Lots of weird custom motorcycles and ridiculous are emerging lately. We found another one, and this one is so good I think it's the best so far.
The 1972 Honda Double 750 Salt Flat Racer “Anti-Christ” is a beast that houses two Honda CB750 engines working together to set Bonneville speed records.
We are fans of dual engine motorcycles. It is somewhat common to add power through “more engine”, but the end result is often impressive, especially on a motorcycle. For Boris “Bob” Guynes, this twin-engine custom motorcycle that will be auctioned embodied his love for Hondas and racing.
Guynes, who passed away last year, has lived what appears to be an incredible life. mecum observe that the Army Veteran has accumulated over 60 years of racing and building motorcycles. He would attempt to set a Bonneville speed record on one motorcycle and then race the infamous Isle of Man TT on another.
His collection of pieces from the history of two wheels is being auctioned at Mecum thanks to his son Lawrence. You will quickly notice that almost all motorcycles are Hondas. like Lawrence explained Mecum, your dad really loved an old Honda:
“He loved Honda mechanics; he was always very fond of engineering and adhered to its philosophy.
The incredible piece in Guynes' collection is the 1972 Honda Double 750 Salt Flat Racer, dubbed the Anti-Christ. According to Lawrence, his father dreamed of a build so extreme that not even Honda would create it.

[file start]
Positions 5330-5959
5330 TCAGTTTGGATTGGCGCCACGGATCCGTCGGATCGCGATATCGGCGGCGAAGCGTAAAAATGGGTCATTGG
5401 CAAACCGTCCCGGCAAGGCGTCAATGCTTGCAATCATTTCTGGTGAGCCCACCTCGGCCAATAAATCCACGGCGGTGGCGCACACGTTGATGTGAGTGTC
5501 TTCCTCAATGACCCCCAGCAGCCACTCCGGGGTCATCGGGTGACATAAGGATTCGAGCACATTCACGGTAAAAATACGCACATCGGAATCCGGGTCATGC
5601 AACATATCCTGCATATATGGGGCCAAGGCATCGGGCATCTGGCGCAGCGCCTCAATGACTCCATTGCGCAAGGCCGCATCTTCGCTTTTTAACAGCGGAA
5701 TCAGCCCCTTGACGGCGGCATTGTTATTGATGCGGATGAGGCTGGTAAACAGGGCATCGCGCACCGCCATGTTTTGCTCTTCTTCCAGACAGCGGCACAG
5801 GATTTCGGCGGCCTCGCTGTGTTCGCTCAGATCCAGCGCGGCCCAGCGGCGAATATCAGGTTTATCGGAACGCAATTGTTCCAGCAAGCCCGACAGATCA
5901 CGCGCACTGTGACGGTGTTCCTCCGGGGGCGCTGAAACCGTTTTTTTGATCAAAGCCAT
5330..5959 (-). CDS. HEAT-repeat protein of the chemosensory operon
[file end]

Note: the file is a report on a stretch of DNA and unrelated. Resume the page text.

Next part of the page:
The Anti-Cristo starts out as a pair of modified Honda CB750 engines. These were a good basis for a machine as wild as this one. The CB750's advanced engineering has made it the benchmark for superbikes. It featured a transversely mounted inline-four with an overhead camshaft and bulletproof reliability. Many of them are still on the road today as a testament to their durability.
A single CB750 engine has approximately 68 horsepower. Right? 2 engines are making at least 136 HP. Mecum explains some of the changes. The most important thing is that the motors are linked together through their primary units.
The monster is powered by two carbs per engine, sucking air through speed stacks.
Lubrication for the creation comes from a dry sump oil system with an external catch can.
The exhaust is also amazing, as it goes from eight pipes to four.
All of this is mounted on a custom frame that is topped off with a fuel tank from a Honda 450 twin. And yes, it's as heavy as it looks, weighing in at 1,000 pounds.
Halting all that weight are giant four-shoe drums. Lawrence says this motorcycle was made to make a statement in Bonneville that his father wasn't kidding.
I think the message was definitely sent and received.
Guynes' friend Ray Byrne managed to run the machine, but unfortunately Mecum doesn't realize how fast the thing really is.
Mecum also warns that this is not legal on the road. However, with the addition of a brake light, turn signals and mirrors, several states would issue a license plate for this thing.
Lawrence hopes whoever buys the Antichrist doesn't try to race the rebel bike. But if that gives you please, your encounter with the devil will be in Mecum in Las Vegas on January 27 . I would love to see it with signs crossing a road.
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